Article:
A total of 4733 cases of C. auris were reported in 33 countries (aligning in descending order: South Africa, United States of America, India, Spain, United Kingdom, South Korea, Colombia, Pakistan, Kenya, Kuwait, China, Russia, Venezuela, Japan, Panama, Israel, Oman, Germany, Brazil, Saudi Arabia, Singapore, France, Australia, Malaysia, Netherlands, Belgium, Norway, Switzerland, United Arab Emirates, Canada, Iran, Greece and Italy) from six continents. The earliest report was in 2009 in Japan, and the earliest isolate of C. auris traced back to 1996 in South Korea as showed by several screening experiments [16, 68]. Moreover, an epidemic curve which depicted the case count of C. auris by detection year was drawn with studies that contained the detailed information. Notably, this was based on publication data rather than surveillance data. It showed that most cases were detected between 2013 and 2019, peaking in 2016 and decreasing thereafter.
Different clades of C. auris were reported to emerge simultaneously from different continents. Four clades of C. auris have unique geographical characteristics. Clade I was mainly reported in India, Pakistan, Kuwait, Russia, United States, United Kingdom, Germany, Malaysia, Netherlands, Italy, etc.; And Clade II were mainly in Japan and South Korea. Clade III was mainly found in South Africa, United States, United Kingdom and China, whereas Clade IV mainly distributed in Colombia and Venezuela. Clade I and III were the most prevalent clades which have more reported cases and wider geographical distribution. The case count and clade of C. auris stratified by country were shown in Fig. 1.
Blood stream infection of C. auris
Infection and colonization of C. auris should be differentiated due to varied clinical significance. However, it is difficult to perform due to unavailable data in the original studies. Therefore, rate of BSI which is the most common and serious infection is analyzed instead. Studies enrolled only the candidaemia patients of C. auris were excluded. As shown in Fig. 2a, the frequency of BSI of C. auris varied between studies [25, 36, 37], with a pooled rate of blood stream infection of 32% (95% CI: 21–42%). However, heterogeneity (p = 0.00, I2 = 98.7%) was observed between studies. Subgroup analysis showed that Clade I and Clade IV of C. auris has a high percentage of BSI compared to Clade II and Clade III (Fig. 2b). It is worth mentioning that Clade II has a low rate of BSI rate with ear discharge as the main specimen type, which is different from the other clades of C. auris [9, 17, 69].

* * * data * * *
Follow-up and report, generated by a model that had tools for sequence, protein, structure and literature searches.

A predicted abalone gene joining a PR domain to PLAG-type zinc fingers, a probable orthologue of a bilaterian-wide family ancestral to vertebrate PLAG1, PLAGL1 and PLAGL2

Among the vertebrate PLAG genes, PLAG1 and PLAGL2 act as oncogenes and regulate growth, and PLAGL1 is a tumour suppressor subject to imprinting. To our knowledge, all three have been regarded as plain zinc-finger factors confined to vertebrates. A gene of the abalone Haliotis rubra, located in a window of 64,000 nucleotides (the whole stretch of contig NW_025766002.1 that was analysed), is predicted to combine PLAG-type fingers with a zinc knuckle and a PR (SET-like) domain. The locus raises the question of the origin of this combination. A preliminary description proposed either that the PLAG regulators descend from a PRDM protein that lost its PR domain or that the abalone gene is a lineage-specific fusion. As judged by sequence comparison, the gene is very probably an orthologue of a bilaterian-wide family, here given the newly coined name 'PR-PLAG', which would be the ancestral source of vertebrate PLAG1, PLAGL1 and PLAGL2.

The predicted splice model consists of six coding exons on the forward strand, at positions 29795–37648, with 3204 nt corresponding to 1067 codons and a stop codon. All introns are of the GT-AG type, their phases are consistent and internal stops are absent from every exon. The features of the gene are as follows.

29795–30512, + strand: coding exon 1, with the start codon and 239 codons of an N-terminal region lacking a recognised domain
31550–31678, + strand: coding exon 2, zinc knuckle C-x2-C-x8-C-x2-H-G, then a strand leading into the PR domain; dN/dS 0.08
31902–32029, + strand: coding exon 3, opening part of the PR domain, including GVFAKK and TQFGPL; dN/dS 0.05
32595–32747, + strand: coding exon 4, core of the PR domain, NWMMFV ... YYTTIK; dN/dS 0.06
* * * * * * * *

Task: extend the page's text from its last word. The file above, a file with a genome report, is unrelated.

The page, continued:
Drug resistance patterns
Meta-analyses of drug resistance were performed with data obtained according to the breakpoints for C. auris established by CDC. As shown in Fig. 3, the pooled resistance rate for fluconazole and amphotericin B were 91% (95% CI: 88–95%) and 12% (95% CI: 7–17%) respectively. Yet there was significant heterogeneity between studies. Besides, publication bias was observed for meta-analysis of resistance rate for fluconazole (Figure S2), yet trim and fill method did not get good result.